# [Python-Dev] Decimal FAQ

Raymond Hettinger raymond.hettinger at verizon.net
Mon May 23 04:13:36 CEST 2005

```Some of the private email I've received indicates a need for a decimal
FAQ that would shorten the module's learning curve.

A discussion draft follows.

Raymond

-------------------------------------------------------

Q.  It is cumbersome to type decimal.Decimal('1234.5').  Is there a way
to
minimize typing when using the interactive interpreter?

A.  Some users prefer to abbreviate the constructor to just a single
letter:

>>> D = decimal.Decimal
>>> D('1.23') + D('3.45')
Decimal("4.68")

Q.  I'm writing a fixed-point application to two decimal places.
Some inputs have many places and needed to be rounded.  Others
are not supposed to have excess digits and need to be validated.
What methods should I use?

A.  The quantize() method rounds to a fixed number of decimal
places.  If the Inexact trap is set, it is also useful for
validation:

>>> TWOPLACES = Decimal(10) ** -2
>>> # Round to two places
>>> Decimal("3.214").quantize(TWOPLACES)
Decimal("3.21")
>>> # Validate that a number does not exceed two places
>>> Decimal("3.21").quantize(TWOPLACES,
context=Context(traps=[Inexact]))
Decimal("3.21")

Q.  Once I have valid two place inputs, how do I maintain that invariant
throughout an application?

A.  Some operations like addition and subtraction automatically
preserve fixed point.  Others, like multiplication and division,
change the number of decimal places and need to be followed-up with
a quantize() step.

Q.  There are many ways to write express the same value.  The numbers
200, 200.000, 2E2, and .02E+4 all have the same value at various
precisions.
Is there a way to transform these to a single recognizable canonical
value?

A.  The normalize() method maps all equivalent values to a single
representive:

>>> values = map(Decimal, '200 200.000 2E2 .02E+4'.split())
>>> [v.normalize() for v in values]
[Decimal("2E+2"), Decimal("2E+2"), Decimal("2E+2"), Decimal("2E+2")]

Q.  Is there a way to convert a regular float to a Decimal?

A.  Yes, all binary floating point numbers can be exactly expressed as a
Decimal.  An exact conversion may take more precision than intuition
would
suggest, so trapping Inexact will signal a need for more precision:

def floatToDecimal(f):
"Convert a floating point number to a Decimal with no loss of
information"
# Transform (exactly) a float to a mantissa (0.5 <= abs(m) < 1.0)
and an
# exponent.  Double the mantissa until it is an integer.  Use the
integer
# mantissa and exponent to compute an equivalent Decimal.  If this
cannot
# be done exactly, then retry with more precision.

mantissa, exponent = math.frexp(f)
while mantissa != int(mantissa):
mantissa *= 2
exponent -= 1
mantissa = int(mantissa)
oldcontext = getcontext()
setcontext(Context(traps=[Inexact]))
try:
while True:
try:
return mantissa * Decimal(2) ** exponent
except Inexact:
getcontext().prec += 1
finally:
setcontext(oldcontext)

Q.  Why isn't the floatToDecimal() routine included in the module?

A.  There is some question about whether it is advisable to mix binary
and
decimal floating point.  Also, its use requires some care to avoid the
representation issues associated with binary floating point:

>>> floatToDecimal(1.1)
Decimal("1.100000000000000088817841970012523233890533447265625")

Q.  I have a complex calculation.  How can I make sure that I haven't
gotten
a spurious result because of insufficient precision or rounding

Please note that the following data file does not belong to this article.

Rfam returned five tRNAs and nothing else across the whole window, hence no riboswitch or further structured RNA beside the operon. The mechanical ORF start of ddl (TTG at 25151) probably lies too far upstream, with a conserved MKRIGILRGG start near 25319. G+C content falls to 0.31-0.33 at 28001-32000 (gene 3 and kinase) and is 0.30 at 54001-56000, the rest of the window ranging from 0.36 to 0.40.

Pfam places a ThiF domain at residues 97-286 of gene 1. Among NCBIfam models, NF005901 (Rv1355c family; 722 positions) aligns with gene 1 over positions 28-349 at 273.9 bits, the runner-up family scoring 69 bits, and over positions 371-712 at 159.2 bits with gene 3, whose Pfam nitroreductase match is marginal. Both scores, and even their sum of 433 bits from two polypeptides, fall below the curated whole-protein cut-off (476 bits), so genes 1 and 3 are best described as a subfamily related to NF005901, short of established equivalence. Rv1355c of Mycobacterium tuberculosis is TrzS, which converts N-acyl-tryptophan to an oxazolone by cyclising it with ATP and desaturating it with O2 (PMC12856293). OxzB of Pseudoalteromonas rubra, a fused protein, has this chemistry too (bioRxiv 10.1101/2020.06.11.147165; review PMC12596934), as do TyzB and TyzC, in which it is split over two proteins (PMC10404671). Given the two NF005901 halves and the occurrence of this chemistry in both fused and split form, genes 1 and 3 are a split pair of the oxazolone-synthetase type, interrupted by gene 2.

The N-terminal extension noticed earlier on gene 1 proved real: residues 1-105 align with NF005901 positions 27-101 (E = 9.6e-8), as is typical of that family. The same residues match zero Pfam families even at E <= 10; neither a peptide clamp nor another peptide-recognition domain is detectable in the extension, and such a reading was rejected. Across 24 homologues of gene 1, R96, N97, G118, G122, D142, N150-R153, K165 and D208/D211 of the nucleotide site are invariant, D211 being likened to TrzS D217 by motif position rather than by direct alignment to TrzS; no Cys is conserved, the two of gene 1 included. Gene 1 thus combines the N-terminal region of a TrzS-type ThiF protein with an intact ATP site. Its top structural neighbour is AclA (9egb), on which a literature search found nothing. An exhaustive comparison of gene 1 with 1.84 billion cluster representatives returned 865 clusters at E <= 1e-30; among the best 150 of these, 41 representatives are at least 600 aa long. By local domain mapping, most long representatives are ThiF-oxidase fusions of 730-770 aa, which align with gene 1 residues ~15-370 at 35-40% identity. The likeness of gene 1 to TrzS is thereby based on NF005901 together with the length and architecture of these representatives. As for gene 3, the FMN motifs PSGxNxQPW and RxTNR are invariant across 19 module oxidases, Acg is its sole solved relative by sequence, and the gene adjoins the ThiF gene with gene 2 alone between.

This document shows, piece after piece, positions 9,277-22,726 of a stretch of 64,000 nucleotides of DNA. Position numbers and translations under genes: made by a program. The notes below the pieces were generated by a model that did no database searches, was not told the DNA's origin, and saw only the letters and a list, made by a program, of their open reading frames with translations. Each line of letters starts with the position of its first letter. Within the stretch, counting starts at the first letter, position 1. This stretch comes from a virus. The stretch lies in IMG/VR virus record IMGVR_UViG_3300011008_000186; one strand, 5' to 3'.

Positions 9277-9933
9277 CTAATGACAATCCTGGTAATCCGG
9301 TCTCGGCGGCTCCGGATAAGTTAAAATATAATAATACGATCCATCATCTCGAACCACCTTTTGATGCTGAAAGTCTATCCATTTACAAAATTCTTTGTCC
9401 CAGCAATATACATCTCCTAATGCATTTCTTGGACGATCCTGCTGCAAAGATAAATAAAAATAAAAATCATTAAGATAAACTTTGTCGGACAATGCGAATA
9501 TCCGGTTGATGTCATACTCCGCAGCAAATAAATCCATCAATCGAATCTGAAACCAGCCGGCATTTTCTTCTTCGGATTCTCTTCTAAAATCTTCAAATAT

anomalies.

A.  The decimal module makes it easy to test results.  A best practice
is
to re-run calculations using greater precision and with various rounding
modes.  Widely differing results indicate insufficient precision,
rounding
mode issues, ill-conditioned inputs, or a numerically unstable
algorithm.

Q.  I noticed that context precision is applied to the results of
operations
but not to the inputs.  Is there anything I should watch out for when
mixing
values of different precisions?

A.  Yes.  The principle is all values are considered to be exact and so
is
the arithmetic on those values.  Only the results are rounded.  The
for inputs is that "what you type is what you get".  A disadvantage is
that
the results can look odd if you forget that the inputs haven't been
rounded:

>>> getcontext().prec = 3
>>> Decimal('3.104') + D('2.104')
Decimal("5.21")
>>> Decimal('3.104') + D('0.000') + D('2.104')
Decimal("5.20")

The solution is either to increase precision or to force rounding of
inputs
using the unary plus operation:

>>> getcontext().prec = 3
>>> +Decimal('1.23456789')
Decimal("1.23")

Alternatively, inputs can be rounded upon creation using the
Context.create_decimal() method:

>>> Context(prec=5, rounding=ROUND_DOWN).create_decimal('1.2345678')
Decimal("1.2345")

Q.  I'm writing an application that tracks measurement units along
with numeric values (for example 1.1 meters and 2.3 grams).  Is a
Decimal subclass the best approach?

A.  Like other numeric types, Decimal objects are dimensionless and
all of its methods are designed around this concept.  To add dimension,
a Decimal subclass would likely need to override every method.  For
example, without an overriding the __add__() method in a Measurement
subclass of Decimal, a calculation like "MeasurementA + MeasurementB"
would return a dimensionless Decimal object instead of another
Measurement object -- the units would be lost.

A simple alternative is to construct record tuples such as
(Decimal("1.1"),
"meters").  This allows direct use of existing decimal methods:
if a[1] == b[1]: return (a[0]+b[0], a[1]).

A more versatile approach is to create a separate class with Decimal
objects as attributes (working in a "has-a" capacity rather than an
"is-a" capacity) and then delegating the arithmetic to the Decimal
class.

```